Loss hits each person differently, yet there are similarities which bind all of humanity together at such times. Even those who consider themselves straightforward, logical people can be so thrown by tragedy that the universe must shatter – at least for a while – and then rearrange itself into a new pattern of living. To bring this onto a public stage without turning it into a cliche or a Lifetime movie proves the greatest challenge, but one playwright David Lindsay-Abaire has overcome.
Which is why “Rabbit Hole”, now finishing a run as part of the McCoy Rigby Entertainment Series at La Mirada Theatre, won the 2007 Pulitzer Prize: it approaches the universal qualities of personal grief in an understated, and thus far more realistic way than most dramas, and also offers a keen portrait of a couple whose individual heartaches are balanced by an underlying, tenacious, mutual bond.
Becca and Howie, a fairly typical middle-class couple, wrestle daily with the aftermath of the accidental death of their 4-year-old son, who chased his dog into the path of an oncoming car. Their normalcy has edges, into which bump Becca’s flighty, irresponsible, and now pregnant younger sister, and her wry, quirky but observant mother. The strains between all of these people are evident, as they bounce off each other and wrestle with the process of moving forward. Yet, the connections seem to hold.
Deborah Puette is Becca, maintaining a stiff, almost obsessive normalcy amidst an increasing internal isolation. Michael Polak’s Howie moves between supportiveness and anger – some of it misplaced, but all of it sincere. Kristina Johnson gives Becca’s sister the oblivious and self-absorbed qualities which make her both an active irritant and a casual observer.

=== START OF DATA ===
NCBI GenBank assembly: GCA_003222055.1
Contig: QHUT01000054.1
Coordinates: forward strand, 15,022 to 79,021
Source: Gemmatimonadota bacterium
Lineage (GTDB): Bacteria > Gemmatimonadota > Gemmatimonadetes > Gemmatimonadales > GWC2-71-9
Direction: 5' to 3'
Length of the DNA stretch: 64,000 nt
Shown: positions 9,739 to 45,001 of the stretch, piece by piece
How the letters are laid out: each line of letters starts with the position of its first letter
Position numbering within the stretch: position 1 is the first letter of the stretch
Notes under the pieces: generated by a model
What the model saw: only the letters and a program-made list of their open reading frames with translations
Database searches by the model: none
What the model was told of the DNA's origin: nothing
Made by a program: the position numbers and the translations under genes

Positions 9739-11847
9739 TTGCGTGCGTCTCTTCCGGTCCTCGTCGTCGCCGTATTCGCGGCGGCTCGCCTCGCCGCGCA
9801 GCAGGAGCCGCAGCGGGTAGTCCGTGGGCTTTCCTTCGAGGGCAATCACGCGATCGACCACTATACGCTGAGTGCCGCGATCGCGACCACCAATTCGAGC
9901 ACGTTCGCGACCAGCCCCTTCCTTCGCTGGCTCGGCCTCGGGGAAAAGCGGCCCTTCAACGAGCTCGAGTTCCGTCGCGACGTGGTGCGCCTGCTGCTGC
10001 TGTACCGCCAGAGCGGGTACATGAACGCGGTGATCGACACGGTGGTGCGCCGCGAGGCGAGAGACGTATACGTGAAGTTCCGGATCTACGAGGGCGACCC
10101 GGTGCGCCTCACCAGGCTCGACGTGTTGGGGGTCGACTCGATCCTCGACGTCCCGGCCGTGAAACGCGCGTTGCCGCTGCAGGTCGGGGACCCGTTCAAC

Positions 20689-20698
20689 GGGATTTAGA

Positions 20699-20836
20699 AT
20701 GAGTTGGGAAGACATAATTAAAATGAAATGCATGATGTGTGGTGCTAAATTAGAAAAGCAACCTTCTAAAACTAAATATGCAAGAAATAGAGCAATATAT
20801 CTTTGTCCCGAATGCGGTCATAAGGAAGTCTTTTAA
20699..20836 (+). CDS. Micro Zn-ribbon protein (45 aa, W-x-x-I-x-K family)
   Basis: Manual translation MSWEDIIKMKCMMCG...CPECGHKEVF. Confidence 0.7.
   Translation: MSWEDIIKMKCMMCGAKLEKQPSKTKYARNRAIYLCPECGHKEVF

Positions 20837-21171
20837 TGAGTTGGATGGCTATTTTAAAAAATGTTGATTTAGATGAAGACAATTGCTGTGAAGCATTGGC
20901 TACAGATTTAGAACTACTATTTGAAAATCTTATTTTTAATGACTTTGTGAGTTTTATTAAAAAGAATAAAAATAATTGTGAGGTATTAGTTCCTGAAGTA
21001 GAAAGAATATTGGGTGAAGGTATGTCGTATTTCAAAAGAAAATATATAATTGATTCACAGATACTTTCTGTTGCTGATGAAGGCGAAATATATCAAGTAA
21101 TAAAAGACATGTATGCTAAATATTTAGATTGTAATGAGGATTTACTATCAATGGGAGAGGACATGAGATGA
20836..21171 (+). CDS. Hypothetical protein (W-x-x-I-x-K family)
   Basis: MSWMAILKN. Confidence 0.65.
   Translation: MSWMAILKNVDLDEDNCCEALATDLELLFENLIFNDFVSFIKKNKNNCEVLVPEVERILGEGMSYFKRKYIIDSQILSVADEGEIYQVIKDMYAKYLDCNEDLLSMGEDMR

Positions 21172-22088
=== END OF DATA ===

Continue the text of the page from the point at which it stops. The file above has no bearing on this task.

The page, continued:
Lori Larsen’s entertainingly straightforward turn as Becca’s mother adds a certain kind of wisdom and patience into the entire environment. In a short, but important turn, Seamus Mulcahy creates a disarmingly innocent immaturity as the sincere teen who was driving on that fateful day.
All of this has been pulled into a natural, flowing cohesion by director Michael Matthews, who takes what is essentially a very episodic tale, and aided by Stephen Gifford’s modular, open set, turns it into a single story. And believe it or not, that story ends up not in grim detachment but in what actually happens, usually, in cases like this: the eventual movement back into life – peace, if not yet joy.
“Rabbit Hole” is funny, wrenching, sad and hopeful by turns. It holds a mirror up to relationship under stress, and a particularly intense aspect of the human condition in a way which is human, warm, and filled with connection. It is most certainly worth taking the time to take in.
What: “Rabbit Hole” When: Through November 17, 7:30 p.m. Wednesday and Thursday, 8 p.m. Friday, 2 p.m. and 8 p.m., and 2 p.m. Sunday Where: La Mirada Theatre for the Performing Arts, 14900 La Mirada Blvd. in La Mirada How Much: $20 – $70 Info: (526) 944-9801, (714) 994-6310 or http://www.lamiradatheatre.com
It is completely appropriate to this company that Furious Theatre’s return to the Carrie Hamilton Theatre upstairs at the Pasadena Playhouse should come accompanied by a kick in the gut. Pushing boundaries, observing and decoding confrontation, and always the challenge to think – perhaps even to the point of having to look oneself in the mirror in a different way – is what Furious is about. Most assuredly the Los Angeles-area premiere of “Gidion’s Knot” by Johnna Adams provides all these things, and at Furious it provides them up close.
In “Gideon’s Knot” perhaps the most complicated kind of “knot” presents itself: Gideon, a 10-year-old boy, has killed himself. His mother shows up at the door of his 5th grade classroom to keep the parent-teacher conference she’d agreed to before the tragedy. There she works to tear up, or apart, the teacher she blames for her boy’s death, yet must confront the boy the teacher knew and she did not. In the end, there is fury and also hints at an answer, but it may not be the one the mother can handle.
Director Darin Anthony brings his audience intentionally, disquietingly close to the action, as the two women wrestle with each other and with tragedy. They sit in student desks around the edges of Aaron Francis’ recreated classroom, where Miss Clark is grading papers. The tears, the anger, the struggle in the midst of emotional upheaval to deconstruct a horrible event, all happen almost within arm’s length. This is also the point. This isn’t happening somewhere else. It is something shared. Immediate.